Twenty pathogens were identified by these tests. These included: adenovirus, C. trachomatis, Gardnerella vaginalis, Haemophilus ducreyi, H. influenzae, HBV, HCV, HIV, HSV-1 and HSV-2, human papillomavirus (HPV), Mycoplasma genitalium, M. hominis, NG, N. meningitidis, Streptococcus pneumoniae, T. pallidum (syphilis), TV, Ureaplasma parvum, U. urealyticum and other Ureaplasma spp.

Across studies, the most commonly reported STIs were: C. trachomatis in 22 (51.1%) studies, NG in 21 (48.8%), TV in 11 (25.6%), HIV in 6 (13.9%), T. pallidum in 6 (13.9%), HSV-1/2 in 8 (18.6%), HBV in 3 (6.9%), and HCV in 4 (9.3%) studies, respectively.

For the more commonly reported STIs, case positivity estimates varied within populations studied: C. trachomatis (2.8%–30.2%), NG (0.3%–30.3%), TV (0.1%–32.7%), T. pallidum (syphilis) (0.9%–27.0%), HSV-1/2 (0.8%–90.2%), HCV (0.5%–42.2%), HIV (1.8%–29.9%), HBV (1.1%–23.9%), and HPV (12.3%–98.2%).

Quality assessment of included studies

The QUADAS-2 checklist was used to evaluate quality of the included studies. In general, the majority of studies (83.7%) used appropriate reference tests to ascertain patient disease status, and most studies (60.5%) included all patients in their respective analyses. Figure 2 provides a breakdown of the included studies according to the quality checklist.

Figure 2

Quality assessment of included studies.


Multiplexed technologies fill many gaps in the spectrum of STI diagnostic care.24 30 These technologies offer the ability to screen for many pathogens including those that do not present any clinical manifestations and those that are not commonly identified in standard STI diagnostic practices yet are able to give rise to coinfections. The test results also help catalyse the process of diagnosis and the process of seeking subsequent linkages to care. In fact, modelling studies have shown that immunochromatographic tests with adequate sensitivity can reduce prevalence of disease in communities where it is otherwise high.22 Particularly now, during the COVID-19 pandemic, rapid testing is more relevant than ever and would offer several benefits, such as to destigmatise testing, whether related to STI or COVID-19 testing, and to expedite turnaround time for both types of pathogens. Certain multiplexed test devices are now available that can test for both COVID-19 and STIs, such as Cepheid’s GeneXpert.31 32 The ability to conduct simultaneous testing of various pathogens presents as an additional advantage in diagnostic evaluations.33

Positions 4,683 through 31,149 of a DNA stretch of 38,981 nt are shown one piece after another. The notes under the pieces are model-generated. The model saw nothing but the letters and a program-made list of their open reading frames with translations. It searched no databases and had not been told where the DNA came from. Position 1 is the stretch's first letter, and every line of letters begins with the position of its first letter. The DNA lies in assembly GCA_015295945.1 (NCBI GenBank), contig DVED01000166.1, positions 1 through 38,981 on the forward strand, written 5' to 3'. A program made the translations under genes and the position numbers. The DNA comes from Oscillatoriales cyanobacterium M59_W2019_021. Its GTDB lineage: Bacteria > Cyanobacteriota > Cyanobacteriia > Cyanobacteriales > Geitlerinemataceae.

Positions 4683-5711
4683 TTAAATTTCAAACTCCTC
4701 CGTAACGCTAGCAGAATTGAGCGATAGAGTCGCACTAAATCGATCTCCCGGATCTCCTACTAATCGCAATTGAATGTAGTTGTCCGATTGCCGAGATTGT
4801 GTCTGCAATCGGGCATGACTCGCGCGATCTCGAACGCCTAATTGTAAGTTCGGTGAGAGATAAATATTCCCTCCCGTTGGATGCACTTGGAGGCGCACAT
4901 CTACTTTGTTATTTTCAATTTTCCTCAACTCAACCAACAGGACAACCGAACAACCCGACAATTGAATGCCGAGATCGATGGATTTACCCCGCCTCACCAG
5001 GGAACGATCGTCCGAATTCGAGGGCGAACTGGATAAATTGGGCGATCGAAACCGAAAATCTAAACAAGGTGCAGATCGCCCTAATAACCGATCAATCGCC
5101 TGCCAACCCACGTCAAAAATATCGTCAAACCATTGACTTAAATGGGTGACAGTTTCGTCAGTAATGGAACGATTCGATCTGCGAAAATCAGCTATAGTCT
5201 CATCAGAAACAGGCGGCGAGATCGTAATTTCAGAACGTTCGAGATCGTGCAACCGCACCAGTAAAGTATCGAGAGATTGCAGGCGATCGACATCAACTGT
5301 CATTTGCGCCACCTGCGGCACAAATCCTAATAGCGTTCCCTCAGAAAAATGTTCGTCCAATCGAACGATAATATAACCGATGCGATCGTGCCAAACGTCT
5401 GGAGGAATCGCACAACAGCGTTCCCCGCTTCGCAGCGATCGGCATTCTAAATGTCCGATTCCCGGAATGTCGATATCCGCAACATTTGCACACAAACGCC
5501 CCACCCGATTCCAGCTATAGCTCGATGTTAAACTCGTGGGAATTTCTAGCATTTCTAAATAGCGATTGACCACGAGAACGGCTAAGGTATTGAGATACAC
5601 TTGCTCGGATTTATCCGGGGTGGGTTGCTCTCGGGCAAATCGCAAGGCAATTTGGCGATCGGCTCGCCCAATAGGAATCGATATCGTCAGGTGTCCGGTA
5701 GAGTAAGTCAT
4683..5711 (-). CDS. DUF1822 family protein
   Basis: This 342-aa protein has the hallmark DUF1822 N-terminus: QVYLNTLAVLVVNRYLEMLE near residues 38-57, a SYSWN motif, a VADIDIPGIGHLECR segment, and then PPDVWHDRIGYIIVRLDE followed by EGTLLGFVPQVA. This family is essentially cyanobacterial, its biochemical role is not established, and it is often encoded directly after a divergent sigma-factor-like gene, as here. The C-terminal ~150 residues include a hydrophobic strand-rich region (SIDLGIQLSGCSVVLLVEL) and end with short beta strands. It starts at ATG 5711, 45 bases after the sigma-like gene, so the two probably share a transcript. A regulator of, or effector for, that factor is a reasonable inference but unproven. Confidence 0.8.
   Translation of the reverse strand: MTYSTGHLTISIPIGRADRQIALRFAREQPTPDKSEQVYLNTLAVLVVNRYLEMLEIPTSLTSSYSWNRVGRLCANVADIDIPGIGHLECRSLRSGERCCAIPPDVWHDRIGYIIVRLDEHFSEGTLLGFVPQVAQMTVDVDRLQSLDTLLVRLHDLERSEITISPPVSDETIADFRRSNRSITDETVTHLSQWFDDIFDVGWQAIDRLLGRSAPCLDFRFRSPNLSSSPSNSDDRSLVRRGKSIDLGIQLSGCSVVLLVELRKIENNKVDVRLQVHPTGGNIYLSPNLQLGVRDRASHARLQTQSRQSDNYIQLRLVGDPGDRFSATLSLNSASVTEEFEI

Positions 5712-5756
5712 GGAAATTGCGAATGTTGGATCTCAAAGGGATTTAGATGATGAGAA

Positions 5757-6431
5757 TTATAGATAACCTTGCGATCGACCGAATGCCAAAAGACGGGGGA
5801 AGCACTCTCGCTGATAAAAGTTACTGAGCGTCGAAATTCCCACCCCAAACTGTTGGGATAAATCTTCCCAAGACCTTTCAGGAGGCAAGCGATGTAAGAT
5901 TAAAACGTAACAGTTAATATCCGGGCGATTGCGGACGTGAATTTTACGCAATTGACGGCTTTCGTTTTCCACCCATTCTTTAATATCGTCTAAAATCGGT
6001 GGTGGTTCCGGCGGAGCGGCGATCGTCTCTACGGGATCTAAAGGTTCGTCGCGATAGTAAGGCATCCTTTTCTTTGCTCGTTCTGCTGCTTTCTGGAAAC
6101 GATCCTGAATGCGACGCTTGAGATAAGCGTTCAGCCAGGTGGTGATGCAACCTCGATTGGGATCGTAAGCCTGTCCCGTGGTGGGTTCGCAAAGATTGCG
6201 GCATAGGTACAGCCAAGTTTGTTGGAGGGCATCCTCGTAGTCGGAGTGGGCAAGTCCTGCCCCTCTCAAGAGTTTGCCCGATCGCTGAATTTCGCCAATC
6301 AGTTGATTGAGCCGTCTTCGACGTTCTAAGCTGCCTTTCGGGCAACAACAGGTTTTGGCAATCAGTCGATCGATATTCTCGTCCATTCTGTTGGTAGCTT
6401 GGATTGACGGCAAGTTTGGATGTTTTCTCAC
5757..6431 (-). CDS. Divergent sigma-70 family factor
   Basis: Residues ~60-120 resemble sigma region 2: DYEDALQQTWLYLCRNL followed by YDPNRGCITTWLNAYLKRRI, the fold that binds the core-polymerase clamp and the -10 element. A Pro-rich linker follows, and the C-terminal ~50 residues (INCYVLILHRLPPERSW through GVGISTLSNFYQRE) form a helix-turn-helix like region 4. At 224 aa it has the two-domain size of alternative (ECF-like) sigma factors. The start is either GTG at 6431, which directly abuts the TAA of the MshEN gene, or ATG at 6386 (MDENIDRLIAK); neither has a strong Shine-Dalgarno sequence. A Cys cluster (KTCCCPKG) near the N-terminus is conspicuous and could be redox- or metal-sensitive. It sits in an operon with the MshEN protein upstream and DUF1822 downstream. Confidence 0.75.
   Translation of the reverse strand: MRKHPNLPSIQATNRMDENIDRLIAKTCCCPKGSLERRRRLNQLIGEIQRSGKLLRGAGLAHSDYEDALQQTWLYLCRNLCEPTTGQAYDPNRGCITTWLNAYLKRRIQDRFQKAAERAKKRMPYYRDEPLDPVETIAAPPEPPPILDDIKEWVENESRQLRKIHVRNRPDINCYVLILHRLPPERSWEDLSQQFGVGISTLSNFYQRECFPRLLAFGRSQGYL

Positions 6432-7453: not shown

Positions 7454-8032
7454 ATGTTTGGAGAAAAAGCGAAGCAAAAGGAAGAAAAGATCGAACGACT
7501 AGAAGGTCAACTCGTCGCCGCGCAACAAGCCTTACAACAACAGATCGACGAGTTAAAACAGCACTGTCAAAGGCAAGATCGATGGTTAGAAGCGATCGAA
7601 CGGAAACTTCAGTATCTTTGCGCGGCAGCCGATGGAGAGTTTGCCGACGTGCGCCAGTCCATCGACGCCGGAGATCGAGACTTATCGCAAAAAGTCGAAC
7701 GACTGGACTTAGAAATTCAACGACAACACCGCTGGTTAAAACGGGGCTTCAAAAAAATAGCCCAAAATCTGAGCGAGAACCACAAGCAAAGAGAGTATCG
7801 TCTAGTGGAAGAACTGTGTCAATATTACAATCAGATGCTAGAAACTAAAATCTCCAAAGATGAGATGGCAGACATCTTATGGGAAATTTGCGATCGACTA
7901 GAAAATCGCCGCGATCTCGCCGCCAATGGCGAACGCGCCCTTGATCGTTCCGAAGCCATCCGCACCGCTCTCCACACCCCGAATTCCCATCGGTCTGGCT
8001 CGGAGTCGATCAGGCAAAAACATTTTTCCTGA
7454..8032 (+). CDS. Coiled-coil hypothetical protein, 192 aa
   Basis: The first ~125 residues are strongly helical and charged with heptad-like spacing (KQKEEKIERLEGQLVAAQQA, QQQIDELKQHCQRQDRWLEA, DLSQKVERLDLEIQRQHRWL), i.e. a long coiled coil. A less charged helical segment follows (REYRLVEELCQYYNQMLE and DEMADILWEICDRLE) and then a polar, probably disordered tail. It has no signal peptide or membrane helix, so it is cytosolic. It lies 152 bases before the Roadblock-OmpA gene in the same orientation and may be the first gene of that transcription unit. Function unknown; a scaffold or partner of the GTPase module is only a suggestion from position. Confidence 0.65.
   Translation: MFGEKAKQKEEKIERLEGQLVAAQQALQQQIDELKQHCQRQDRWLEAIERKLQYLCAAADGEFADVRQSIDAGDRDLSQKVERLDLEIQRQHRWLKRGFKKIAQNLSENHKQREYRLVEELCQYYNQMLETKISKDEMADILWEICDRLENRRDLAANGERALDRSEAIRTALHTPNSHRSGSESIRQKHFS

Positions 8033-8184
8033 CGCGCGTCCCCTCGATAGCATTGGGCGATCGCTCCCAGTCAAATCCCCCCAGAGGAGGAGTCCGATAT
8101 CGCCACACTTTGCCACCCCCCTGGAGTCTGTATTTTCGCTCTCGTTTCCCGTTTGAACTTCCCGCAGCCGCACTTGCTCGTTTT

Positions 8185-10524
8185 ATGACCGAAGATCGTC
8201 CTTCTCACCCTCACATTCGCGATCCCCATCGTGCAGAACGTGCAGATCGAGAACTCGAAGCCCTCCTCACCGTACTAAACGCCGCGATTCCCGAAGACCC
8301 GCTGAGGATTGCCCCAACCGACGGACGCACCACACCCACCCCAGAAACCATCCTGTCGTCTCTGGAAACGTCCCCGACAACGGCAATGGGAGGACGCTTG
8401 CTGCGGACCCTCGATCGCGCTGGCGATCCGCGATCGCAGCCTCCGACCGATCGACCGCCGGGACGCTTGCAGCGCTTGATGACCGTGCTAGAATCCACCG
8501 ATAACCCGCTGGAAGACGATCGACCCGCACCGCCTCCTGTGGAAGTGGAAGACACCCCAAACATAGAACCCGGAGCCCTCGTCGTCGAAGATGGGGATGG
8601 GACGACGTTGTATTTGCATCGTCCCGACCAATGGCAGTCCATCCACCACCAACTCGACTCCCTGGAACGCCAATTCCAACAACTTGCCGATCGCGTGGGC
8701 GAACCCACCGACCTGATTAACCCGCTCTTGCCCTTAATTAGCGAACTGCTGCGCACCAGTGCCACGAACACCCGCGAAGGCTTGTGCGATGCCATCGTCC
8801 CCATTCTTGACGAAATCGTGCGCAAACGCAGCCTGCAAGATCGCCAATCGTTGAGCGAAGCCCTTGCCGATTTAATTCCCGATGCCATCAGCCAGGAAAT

The evidence presented herein suggests that over the past decade, multiplexed technologies are increasingly being developed and used to address the burden of the most common viral, bacterial and parasitic STIs in both high-income and low-income countries. While we found high feasibility of execution of multiplexed rapid testing (86.1%–92.4%),4 19 21 the uptake of these technologies for less commonly screened STI was very high: HBV (79.0%), HCV (99.4%) and TV (99.6%). The high PPVs and NPVs of both immunochromatographic and molecular assays support the usage of multiplexed technologies in the detection of numerous STIs whether disease prevalence is low or high in a variety of populations and settings worldwide. Unsurprisingly, with respect to case positivity and new cases detected with these multiplexed technologies, we found that the highest rates were reported for asymptomatic C. trachomatis, NG, T. pallidum and TV.16 34–36 Our findings suggest that asymptomatic STIs may be left undetected and untreated thereby emphasising the need for routine STI screening for at-risk populations, including MSM, IDUs, sex workers and transgender populations residing in endemic settings. Given their high feasibility and rapid turnaround time, multiplexed technologies have the potential to accelerate the screening and treatment process of these key populations and other asymptomatic individuals.37 These results further support implementation of multiplexed rapid tests in clinical care, particularly as 41 out of the 42 studies included in our final set were observational in nature and therefore alluded to real-world implementation of these test devices.